Blocking play is connected to level 4, Function. One of the most common Functions to have as a high-status Role is play distribution. Being high up in the hierarchy, a lot of information and many decisions end up in your lap. If you keep all the information to yourself and want to make all the decisions, you will create a bottleneck where everyone else is waiting for you and their play is blocked. You might also block others by having long meetings and not being available. High-status roles often have the responsibility to see that the Function of distributing play is fulfilled, either by you or by someone else.

The next fear is about disrupting the larp, which is a concern at level 3, Uphold the Shared Fiction. This is a responsibility everyone shares. All Co-creators have the responsibility to by default treat others as would be fitting for their position. It’s not one Co-creator’s job to make everyone else treat them in a certain way. As long as you try to treat everyone else’s Characters in a fitting manner, like inviting the most prestigious people when you are holding court, you have done your part. Also, note that the Shared Fiction isn’t static and can change during the larp. If a war is declared, or an attempt on the life of the king is made, the Functions of the Role would change as the Shared Fiction adjusts to accommodate this new development. Holding court would probably be canceled, as handling the new threat demands focus.

The last part of the fear is about not being believable enough. That is level 6, Character. Many people think that they must Portray their character with authority and realistic mannerisms in order to get others to listen to them. But as we just established, having others listen to you is part of Upholding the Shared Fiction. How you Portray a Character can be done in many different ways and is not crucial for whether the larp will work or not. As long as you fill your Function, in this case, distributing play and holding court, you don’t have to be demanding and authoritative. You can also Portray your Character as confused and incompetent, stating things like “My head hurts from all these words, let the oracles decide”. Both could work equally well.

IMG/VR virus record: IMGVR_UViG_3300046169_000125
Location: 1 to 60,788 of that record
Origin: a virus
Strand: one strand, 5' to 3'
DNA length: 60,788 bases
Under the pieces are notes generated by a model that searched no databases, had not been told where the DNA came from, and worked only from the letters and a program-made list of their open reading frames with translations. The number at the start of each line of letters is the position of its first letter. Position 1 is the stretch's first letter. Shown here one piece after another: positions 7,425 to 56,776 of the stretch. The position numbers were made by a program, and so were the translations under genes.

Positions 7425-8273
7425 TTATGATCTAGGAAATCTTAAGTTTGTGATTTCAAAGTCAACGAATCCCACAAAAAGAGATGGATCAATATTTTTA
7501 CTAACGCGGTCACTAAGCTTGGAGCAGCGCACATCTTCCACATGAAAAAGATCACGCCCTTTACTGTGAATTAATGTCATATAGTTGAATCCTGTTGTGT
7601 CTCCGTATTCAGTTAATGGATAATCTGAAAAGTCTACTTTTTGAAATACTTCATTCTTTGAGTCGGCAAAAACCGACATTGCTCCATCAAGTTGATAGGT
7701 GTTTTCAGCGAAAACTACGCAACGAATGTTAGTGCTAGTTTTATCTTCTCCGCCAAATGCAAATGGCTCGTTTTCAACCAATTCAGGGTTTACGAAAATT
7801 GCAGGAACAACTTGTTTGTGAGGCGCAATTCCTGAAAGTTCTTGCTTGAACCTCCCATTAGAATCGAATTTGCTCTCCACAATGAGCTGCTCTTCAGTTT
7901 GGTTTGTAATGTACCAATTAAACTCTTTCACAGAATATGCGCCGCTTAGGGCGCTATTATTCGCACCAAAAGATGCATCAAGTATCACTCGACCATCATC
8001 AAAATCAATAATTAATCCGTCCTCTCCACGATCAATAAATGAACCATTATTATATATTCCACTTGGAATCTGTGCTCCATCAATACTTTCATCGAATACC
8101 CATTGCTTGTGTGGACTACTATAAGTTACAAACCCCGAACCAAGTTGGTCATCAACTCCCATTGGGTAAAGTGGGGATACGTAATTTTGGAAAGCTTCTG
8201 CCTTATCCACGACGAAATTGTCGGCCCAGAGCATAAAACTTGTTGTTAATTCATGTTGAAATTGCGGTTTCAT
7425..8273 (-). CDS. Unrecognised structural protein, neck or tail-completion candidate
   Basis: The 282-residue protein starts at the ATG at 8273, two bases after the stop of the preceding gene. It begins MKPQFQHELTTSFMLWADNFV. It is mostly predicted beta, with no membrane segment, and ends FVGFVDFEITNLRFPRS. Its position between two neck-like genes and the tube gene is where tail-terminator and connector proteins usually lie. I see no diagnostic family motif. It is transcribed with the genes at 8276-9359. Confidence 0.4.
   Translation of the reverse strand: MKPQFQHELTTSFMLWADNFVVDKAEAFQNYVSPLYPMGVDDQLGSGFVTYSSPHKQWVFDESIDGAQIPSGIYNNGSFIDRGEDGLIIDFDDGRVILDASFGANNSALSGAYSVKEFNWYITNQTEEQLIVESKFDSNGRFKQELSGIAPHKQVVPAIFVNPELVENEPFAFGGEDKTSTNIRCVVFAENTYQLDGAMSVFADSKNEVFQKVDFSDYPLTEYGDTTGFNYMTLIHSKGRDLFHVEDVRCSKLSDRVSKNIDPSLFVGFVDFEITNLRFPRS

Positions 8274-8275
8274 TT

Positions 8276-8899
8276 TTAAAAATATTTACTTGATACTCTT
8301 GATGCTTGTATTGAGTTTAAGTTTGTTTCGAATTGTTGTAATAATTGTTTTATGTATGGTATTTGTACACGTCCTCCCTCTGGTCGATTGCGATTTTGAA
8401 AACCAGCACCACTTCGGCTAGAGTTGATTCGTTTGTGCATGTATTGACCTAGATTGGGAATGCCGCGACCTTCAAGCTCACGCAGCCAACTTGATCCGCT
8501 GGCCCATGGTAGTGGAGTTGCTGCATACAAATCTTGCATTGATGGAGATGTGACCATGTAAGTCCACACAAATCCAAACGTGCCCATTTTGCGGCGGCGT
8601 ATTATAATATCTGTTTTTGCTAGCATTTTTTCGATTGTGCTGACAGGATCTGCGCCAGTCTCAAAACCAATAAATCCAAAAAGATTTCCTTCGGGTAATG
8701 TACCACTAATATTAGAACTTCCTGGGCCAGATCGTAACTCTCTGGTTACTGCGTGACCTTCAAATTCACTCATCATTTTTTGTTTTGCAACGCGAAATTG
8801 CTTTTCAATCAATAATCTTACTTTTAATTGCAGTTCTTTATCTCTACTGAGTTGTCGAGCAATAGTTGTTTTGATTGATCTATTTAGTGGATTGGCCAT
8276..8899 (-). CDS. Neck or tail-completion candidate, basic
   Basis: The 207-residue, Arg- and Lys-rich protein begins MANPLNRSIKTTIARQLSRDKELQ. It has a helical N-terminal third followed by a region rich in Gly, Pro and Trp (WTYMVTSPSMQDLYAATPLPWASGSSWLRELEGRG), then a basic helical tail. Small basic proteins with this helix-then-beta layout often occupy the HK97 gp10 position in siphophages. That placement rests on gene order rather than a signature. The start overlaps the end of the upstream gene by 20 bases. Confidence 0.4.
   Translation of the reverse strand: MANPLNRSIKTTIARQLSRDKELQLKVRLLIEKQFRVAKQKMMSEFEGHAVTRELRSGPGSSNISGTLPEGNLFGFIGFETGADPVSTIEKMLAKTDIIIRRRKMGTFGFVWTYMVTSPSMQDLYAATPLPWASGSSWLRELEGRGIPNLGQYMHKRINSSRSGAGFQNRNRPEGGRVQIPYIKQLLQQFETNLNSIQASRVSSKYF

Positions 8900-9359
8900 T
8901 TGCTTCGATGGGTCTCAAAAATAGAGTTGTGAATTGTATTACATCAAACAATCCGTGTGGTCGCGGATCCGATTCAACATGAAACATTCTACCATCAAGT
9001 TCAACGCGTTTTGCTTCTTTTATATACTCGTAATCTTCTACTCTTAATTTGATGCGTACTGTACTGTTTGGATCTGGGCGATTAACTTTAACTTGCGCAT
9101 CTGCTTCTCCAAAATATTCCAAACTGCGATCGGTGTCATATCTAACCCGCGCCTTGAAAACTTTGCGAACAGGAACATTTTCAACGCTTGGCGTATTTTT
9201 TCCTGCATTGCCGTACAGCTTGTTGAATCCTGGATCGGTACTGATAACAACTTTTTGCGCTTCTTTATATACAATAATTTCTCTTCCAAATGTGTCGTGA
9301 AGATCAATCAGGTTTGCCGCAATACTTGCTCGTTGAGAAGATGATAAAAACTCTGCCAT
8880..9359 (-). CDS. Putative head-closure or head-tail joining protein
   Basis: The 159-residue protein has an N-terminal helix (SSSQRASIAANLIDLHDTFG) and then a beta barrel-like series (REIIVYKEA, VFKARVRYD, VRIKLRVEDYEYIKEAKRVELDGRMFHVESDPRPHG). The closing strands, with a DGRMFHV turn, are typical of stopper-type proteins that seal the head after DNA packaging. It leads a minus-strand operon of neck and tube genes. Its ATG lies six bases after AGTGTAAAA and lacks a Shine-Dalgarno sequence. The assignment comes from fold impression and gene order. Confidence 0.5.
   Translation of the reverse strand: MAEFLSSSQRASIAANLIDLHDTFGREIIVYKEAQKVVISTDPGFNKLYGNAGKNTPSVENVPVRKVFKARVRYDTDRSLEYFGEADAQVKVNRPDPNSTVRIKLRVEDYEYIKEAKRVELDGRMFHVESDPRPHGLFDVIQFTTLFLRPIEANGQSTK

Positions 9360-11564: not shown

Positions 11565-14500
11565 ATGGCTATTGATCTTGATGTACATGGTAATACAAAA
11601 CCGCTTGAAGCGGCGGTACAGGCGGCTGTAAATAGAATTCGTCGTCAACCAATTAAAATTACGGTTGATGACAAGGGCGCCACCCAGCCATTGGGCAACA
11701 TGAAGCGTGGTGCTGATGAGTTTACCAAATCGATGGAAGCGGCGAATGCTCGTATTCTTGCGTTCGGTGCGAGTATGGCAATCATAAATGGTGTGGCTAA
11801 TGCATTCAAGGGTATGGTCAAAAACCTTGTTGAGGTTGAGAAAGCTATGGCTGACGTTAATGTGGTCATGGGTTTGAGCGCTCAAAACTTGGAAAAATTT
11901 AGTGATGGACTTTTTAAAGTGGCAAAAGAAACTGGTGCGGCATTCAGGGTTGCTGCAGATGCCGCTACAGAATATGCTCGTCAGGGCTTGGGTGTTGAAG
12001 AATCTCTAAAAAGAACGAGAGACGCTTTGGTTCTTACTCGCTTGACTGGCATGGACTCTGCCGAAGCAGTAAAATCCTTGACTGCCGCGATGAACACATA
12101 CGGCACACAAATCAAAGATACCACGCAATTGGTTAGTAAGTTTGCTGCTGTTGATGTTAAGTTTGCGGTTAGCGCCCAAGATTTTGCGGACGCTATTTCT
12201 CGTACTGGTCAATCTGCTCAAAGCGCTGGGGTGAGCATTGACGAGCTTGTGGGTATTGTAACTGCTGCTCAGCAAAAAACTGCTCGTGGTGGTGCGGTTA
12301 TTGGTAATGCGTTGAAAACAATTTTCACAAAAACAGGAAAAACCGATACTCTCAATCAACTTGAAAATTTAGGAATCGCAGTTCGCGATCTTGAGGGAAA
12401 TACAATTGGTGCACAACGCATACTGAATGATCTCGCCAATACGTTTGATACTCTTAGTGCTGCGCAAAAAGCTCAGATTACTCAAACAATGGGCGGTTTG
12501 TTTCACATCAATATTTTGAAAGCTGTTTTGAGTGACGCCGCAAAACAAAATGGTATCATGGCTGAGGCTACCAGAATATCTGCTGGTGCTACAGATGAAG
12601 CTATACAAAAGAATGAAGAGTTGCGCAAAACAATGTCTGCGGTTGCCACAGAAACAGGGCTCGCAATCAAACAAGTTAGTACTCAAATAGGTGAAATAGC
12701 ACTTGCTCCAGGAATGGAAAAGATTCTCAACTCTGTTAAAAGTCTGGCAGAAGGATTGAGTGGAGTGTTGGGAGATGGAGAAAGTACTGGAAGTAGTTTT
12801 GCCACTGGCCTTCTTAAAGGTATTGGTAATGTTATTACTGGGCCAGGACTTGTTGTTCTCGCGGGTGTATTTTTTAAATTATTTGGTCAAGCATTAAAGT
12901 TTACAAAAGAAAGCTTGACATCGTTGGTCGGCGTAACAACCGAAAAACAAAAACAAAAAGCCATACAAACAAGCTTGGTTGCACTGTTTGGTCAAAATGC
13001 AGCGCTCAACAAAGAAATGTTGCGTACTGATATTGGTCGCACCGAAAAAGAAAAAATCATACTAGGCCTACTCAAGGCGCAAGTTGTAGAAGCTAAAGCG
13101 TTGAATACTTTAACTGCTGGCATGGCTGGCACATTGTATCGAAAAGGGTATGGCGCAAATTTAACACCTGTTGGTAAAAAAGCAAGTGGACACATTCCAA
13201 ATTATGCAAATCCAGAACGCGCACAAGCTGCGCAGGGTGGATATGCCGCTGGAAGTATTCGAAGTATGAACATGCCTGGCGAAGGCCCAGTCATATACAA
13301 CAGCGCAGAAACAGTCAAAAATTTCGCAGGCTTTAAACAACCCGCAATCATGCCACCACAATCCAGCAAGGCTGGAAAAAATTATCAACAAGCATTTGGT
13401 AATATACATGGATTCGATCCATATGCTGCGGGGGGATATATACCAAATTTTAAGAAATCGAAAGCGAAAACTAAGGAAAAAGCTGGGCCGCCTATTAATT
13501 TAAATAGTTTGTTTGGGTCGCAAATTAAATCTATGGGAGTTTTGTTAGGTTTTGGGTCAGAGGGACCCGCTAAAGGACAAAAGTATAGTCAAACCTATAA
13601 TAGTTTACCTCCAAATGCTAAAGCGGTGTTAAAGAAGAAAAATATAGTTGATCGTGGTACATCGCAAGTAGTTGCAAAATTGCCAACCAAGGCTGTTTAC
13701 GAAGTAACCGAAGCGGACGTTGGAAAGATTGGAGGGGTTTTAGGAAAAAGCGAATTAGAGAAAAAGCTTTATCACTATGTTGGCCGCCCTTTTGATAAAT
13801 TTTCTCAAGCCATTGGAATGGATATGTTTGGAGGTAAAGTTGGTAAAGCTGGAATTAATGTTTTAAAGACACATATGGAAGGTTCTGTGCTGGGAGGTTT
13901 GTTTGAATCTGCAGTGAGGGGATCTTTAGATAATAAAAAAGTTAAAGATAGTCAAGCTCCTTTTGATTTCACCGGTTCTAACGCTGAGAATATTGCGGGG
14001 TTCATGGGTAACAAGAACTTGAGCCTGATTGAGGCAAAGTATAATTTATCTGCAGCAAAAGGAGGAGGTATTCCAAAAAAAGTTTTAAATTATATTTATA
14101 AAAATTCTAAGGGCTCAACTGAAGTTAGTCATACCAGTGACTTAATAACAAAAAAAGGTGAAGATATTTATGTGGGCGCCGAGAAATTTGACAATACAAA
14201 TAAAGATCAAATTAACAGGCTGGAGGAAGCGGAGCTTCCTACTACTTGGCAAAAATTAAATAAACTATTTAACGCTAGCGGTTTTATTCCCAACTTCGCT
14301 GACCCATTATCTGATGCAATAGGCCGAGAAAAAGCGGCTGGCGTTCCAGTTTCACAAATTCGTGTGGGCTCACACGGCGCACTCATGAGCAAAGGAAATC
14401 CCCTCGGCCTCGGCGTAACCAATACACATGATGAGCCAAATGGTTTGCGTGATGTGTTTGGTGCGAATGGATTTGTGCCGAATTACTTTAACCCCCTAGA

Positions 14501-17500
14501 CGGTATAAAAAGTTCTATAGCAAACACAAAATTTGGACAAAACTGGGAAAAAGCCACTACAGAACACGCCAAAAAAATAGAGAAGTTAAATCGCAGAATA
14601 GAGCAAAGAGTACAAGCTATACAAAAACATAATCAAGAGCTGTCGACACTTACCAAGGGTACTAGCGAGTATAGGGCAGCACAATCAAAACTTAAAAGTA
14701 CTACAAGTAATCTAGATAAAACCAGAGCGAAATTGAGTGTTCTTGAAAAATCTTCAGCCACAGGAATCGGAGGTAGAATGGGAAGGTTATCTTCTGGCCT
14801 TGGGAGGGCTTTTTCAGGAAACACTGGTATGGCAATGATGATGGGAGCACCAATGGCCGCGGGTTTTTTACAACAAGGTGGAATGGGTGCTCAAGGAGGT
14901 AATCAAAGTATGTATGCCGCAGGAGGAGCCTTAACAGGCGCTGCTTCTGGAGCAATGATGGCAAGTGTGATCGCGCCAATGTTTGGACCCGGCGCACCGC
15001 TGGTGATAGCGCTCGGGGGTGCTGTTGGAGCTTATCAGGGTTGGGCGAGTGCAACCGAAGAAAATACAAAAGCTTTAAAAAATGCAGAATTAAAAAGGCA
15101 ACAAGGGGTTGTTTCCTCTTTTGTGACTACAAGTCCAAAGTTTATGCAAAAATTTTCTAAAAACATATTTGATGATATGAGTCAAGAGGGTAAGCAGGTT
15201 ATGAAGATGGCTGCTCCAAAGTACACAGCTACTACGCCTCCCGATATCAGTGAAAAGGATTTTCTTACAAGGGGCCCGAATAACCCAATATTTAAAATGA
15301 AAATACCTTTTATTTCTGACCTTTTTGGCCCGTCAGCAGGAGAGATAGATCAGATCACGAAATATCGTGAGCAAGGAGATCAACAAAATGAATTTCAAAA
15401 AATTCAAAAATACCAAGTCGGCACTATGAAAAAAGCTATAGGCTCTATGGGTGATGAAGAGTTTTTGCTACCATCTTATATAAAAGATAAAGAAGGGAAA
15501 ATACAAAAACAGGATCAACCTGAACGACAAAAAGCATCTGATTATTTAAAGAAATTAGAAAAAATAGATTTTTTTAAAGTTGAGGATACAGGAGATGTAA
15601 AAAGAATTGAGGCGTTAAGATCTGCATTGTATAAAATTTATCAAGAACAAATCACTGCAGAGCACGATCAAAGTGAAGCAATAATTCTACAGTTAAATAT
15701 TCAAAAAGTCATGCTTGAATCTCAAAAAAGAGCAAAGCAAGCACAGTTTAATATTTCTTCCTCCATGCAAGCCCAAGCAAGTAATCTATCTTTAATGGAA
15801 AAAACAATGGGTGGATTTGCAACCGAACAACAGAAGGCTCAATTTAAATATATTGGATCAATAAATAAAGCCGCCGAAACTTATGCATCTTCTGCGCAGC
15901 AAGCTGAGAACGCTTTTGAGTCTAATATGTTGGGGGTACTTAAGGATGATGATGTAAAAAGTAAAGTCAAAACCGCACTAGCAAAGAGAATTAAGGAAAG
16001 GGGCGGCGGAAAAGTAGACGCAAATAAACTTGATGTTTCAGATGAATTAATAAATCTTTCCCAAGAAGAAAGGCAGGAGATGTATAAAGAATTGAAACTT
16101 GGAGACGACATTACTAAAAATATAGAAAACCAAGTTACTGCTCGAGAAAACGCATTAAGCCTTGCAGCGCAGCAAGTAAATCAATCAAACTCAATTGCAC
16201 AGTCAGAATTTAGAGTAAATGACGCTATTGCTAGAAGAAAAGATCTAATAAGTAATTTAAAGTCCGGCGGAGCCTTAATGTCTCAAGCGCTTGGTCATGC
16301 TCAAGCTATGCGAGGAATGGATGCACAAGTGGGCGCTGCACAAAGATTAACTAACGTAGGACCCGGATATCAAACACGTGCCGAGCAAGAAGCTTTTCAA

By using the provided framework we see that Portraying a Character is not nearly as important as Providing the Functions of the Role.


What we have shown here is a hierarchy of things for you as a participant to do and take care of for the larp to work and for all the participants to have the Experience they want. The levels are not separate: they interact and interfere with each other.

Diagram by the authors. Graphic design: Sara Kannasvuo.

Diagram by the authors. Graphic design: Sara Kannasvuo.

Even though we spent most of this article talking about the levels and what they entail, what we find most important is not what level something belongs to, but the consequences of the choices we make in larps.

We find that adding new initiatives, making changes, and handling problems would benefit from considering the framework to better assess the available scope of action and possible solutions. Since the lower levels (1–4) affect many participants and/or your personal off-game wellbeing, they need to be prioritized. This doesn’t imply that changes or initiatives on the higher levels (5–6) should be sidelined, but rather that players should make sure that these do not generate large undesired effects on lower levels before implementing them. If you do not consider this, you might commit one or more of the cardinal sins of larp (Koljonen 2021). You do not want to break the trust placed in you, just like you do not want others to break the trust you have in them. Nordic larp is not about rules, it is all about trust.